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Murder by Numbers (April 28/02)

Murder by Numbers casts Sandra Bullock as a jaded and bitter detective with a troubled past who, as the film opens, is breaking in a new partner (played, sans English accent, by Ben Chaplin). The two immediately catch a case that seems easy enough to crack - a dead woman is found with fibers and clues a-plenty strewn over her body. Bullock, being the brilliant investigator she is (how do we know she's brilliant? She's a loner mistrusted by everyone else on the force) deduces that this is not the work of the simple-minded janitor to whom all the evidence points, but rather to two sociopaths that just happen to be high school students. But, this being a by-the-numbers thriller, nobody believes her theory - especially not her cliched captain, who takes to chewing her out and demanding she drop the case. Meanwhile, the two sociopaths are reveling in their brilliance and plotting a second murder.

Murder by Numbers isn't bad, really; it's just wholly unoriginal and obvious from the get-go. By telling us right off the bat that these two kids are unequivocally the killers, a good portion of the suspense is removed. Much like the recent Law and Order spinoff Criminal Intent, the plot is basically an exploration of the killers' motives and the investigation by the two detectives on the case. But unlike that show, this movie goes on far longer than it should (at a running time of close to two hours, it's about a half hour too long) and contains one subplot too many. There's an entire backstory with Bullock and why she's so messed up that's completely useless. Do we really care whether or not Bullock eventually faces her demons? Not really. We just want to see more of those two nutty kids.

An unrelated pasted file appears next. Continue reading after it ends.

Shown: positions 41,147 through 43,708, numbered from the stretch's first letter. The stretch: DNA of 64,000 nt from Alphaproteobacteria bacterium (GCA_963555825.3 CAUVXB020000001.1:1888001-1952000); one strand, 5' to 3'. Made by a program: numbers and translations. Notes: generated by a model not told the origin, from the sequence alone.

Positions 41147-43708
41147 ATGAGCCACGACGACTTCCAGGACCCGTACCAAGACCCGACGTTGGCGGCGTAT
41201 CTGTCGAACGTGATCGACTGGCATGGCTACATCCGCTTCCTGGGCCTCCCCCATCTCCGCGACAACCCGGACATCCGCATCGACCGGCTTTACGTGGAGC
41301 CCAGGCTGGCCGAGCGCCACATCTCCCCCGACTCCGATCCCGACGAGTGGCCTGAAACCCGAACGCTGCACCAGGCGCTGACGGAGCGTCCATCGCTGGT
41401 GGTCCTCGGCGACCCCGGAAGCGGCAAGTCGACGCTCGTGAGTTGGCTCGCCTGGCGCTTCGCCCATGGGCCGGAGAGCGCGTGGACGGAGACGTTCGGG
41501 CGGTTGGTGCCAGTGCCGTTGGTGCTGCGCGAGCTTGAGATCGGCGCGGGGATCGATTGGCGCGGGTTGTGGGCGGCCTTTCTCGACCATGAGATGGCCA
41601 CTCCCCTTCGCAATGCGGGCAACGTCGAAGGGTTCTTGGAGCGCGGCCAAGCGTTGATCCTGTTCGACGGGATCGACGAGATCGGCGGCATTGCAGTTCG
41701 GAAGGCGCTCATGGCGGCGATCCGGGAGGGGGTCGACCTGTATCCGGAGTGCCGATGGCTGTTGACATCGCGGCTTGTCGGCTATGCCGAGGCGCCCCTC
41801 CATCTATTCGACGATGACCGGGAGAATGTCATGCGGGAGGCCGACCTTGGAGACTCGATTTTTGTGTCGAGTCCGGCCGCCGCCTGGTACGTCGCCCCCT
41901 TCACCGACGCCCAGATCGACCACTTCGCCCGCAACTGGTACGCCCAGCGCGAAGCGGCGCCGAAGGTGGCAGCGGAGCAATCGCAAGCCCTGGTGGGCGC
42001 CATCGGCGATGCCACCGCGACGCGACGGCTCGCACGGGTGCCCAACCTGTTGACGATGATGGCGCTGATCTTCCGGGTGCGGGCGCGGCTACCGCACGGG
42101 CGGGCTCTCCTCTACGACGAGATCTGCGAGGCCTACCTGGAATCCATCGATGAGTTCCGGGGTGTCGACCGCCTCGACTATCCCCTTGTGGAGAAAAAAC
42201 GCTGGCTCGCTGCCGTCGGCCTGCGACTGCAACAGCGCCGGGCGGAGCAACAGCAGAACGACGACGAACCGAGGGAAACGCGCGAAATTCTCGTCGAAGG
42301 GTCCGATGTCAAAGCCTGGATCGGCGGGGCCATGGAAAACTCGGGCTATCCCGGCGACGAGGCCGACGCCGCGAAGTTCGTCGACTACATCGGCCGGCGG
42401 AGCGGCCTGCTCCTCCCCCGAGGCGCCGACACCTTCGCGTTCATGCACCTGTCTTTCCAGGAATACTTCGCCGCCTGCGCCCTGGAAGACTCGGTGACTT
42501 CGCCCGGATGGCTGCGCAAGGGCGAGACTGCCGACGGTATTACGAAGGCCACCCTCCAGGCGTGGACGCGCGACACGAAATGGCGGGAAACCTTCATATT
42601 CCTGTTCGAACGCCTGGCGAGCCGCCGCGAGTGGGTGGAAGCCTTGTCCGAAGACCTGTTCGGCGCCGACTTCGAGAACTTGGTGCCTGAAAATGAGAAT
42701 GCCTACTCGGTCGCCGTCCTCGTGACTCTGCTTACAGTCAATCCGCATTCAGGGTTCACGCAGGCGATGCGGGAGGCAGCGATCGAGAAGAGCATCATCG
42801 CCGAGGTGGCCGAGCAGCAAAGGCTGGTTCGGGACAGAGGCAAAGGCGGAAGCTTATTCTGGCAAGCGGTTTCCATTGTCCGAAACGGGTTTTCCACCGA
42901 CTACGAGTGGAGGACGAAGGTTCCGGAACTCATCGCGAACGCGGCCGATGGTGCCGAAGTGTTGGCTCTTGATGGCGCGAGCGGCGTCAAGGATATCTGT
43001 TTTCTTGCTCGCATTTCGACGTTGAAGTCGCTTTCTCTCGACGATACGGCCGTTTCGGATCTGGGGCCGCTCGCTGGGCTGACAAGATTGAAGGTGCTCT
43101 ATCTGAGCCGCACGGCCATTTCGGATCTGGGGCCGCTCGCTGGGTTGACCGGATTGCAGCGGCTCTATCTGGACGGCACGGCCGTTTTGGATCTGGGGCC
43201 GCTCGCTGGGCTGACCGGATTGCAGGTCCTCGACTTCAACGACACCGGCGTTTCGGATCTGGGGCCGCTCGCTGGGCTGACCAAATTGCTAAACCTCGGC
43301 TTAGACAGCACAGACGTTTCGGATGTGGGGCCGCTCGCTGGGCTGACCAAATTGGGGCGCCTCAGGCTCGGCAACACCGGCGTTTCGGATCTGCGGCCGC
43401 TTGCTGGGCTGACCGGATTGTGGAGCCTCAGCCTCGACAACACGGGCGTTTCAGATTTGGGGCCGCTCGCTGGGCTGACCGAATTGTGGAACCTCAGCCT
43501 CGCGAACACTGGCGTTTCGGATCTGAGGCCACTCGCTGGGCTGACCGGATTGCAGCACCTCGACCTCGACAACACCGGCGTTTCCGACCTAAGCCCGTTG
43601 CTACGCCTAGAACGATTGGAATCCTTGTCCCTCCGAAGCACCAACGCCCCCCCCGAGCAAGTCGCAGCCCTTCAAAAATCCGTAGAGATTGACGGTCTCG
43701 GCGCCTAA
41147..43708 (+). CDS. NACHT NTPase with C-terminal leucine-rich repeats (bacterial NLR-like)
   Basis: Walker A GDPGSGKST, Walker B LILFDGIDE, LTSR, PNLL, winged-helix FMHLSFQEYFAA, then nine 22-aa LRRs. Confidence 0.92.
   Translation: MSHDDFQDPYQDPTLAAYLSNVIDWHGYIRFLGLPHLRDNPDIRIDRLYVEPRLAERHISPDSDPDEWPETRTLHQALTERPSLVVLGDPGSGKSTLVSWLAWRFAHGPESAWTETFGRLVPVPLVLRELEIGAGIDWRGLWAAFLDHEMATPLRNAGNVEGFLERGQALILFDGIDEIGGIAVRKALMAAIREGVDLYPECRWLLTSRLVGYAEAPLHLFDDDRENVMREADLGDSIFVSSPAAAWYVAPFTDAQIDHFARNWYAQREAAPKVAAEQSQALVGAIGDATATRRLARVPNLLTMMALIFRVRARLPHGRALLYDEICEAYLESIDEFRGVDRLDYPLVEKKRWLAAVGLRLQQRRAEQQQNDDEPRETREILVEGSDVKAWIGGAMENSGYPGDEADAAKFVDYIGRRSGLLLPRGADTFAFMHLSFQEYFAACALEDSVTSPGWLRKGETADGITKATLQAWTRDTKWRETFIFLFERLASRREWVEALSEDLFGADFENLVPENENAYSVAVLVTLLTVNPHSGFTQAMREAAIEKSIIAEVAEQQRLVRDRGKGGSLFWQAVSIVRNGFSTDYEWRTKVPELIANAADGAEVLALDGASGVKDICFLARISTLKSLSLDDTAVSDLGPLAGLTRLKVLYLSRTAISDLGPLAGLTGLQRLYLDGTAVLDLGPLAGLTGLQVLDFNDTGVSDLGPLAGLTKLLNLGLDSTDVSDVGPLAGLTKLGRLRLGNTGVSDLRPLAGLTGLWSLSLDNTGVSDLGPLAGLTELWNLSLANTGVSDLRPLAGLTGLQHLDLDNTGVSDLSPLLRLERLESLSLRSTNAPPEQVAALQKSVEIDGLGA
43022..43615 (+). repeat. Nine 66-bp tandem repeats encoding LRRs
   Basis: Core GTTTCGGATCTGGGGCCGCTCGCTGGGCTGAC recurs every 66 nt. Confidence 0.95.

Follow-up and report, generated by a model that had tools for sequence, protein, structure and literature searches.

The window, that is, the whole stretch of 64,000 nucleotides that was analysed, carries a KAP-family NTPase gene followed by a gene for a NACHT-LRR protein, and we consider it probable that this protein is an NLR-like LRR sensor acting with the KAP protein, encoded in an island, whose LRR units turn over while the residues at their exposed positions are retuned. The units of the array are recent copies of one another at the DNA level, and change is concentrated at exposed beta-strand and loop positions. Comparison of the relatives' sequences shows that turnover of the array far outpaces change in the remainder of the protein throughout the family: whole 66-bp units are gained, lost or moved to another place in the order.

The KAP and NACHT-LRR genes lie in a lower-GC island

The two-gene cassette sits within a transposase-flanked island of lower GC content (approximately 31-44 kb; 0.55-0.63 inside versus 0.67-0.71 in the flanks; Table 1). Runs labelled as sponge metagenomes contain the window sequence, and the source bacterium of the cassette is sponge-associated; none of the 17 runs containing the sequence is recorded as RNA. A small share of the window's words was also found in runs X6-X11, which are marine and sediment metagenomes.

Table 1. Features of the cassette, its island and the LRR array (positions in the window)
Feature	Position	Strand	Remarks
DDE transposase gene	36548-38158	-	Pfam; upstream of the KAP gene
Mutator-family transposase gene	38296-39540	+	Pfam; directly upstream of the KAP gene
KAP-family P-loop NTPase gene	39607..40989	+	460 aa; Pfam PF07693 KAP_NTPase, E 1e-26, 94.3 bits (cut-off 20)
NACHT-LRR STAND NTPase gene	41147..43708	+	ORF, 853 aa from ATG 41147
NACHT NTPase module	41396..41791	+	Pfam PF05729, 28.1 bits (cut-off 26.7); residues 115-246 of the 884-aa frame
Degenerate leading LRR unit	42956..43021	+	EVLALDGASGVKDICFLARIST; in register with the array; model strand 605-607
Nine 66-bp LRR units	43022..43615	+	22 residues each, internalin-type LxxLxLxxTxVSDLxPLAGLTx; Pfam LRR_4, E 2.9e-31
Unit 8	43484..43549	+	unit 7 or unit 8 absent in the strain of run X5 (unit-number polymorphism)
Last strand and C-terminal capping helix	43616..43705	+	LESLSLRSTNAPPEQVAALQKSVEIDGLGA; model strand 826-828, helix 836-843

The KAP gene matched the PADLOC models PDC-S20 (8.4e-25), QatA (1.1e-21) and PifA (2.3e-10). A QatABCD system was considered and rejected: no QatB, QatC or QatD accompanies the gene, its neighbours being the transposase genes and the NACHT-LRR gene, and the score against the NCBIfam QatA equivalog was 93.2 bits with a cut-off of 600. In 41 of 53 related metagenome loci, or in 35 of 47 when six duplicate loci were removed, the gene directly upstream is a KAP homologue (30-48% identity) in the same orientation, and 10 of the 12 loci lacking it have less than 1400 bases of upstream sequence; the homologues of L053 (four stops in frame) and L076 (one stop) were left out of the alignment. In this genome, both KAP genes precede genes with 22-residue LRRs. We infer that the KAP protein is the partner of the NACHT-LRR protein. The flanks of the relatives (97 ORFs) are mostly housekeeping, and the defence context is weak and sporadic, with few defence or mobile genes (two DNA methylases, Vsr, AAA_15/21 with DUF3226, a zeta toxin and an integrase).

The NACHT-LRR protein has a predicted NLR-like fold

Having said that, Bullock is undeniably good in this role. She seems so determined to shed the romantic comedy persona that the public associates her with and unlike Meg Ryan, she just might be able to pull it off. Bullock's character is pretty much the most unlikable person she's played in her career, and it's a testament to her talent that she takes this woman and forces us to root for her. But Chaplin, sporting an impressive but flat American accent, has been completely drained of any and all charisma we've come to expect from him. Lesson learned: Never ask Ben Chaplin to lose his British accent. But speaking of charisma, Ryan Gosling - as one of the two sociopaths - is completely amazing and compelling as this spoiled and brilliant nutjob. He's definitely got a future ahead of him, hopefully in better movies. Gosling, like Edward Norton, seems to be the sort that'll disappear into his characters and considering this guy used to be a Mouseketeer, that's saying something.

Murder by Numbers, as cliched and hackneyed as it is, is still entertaining for its 120 minute running time - assuming, of course, you're willing to accept the fact that it plays like an overlong episode of Law and Order: CI.

out of

© David Nusair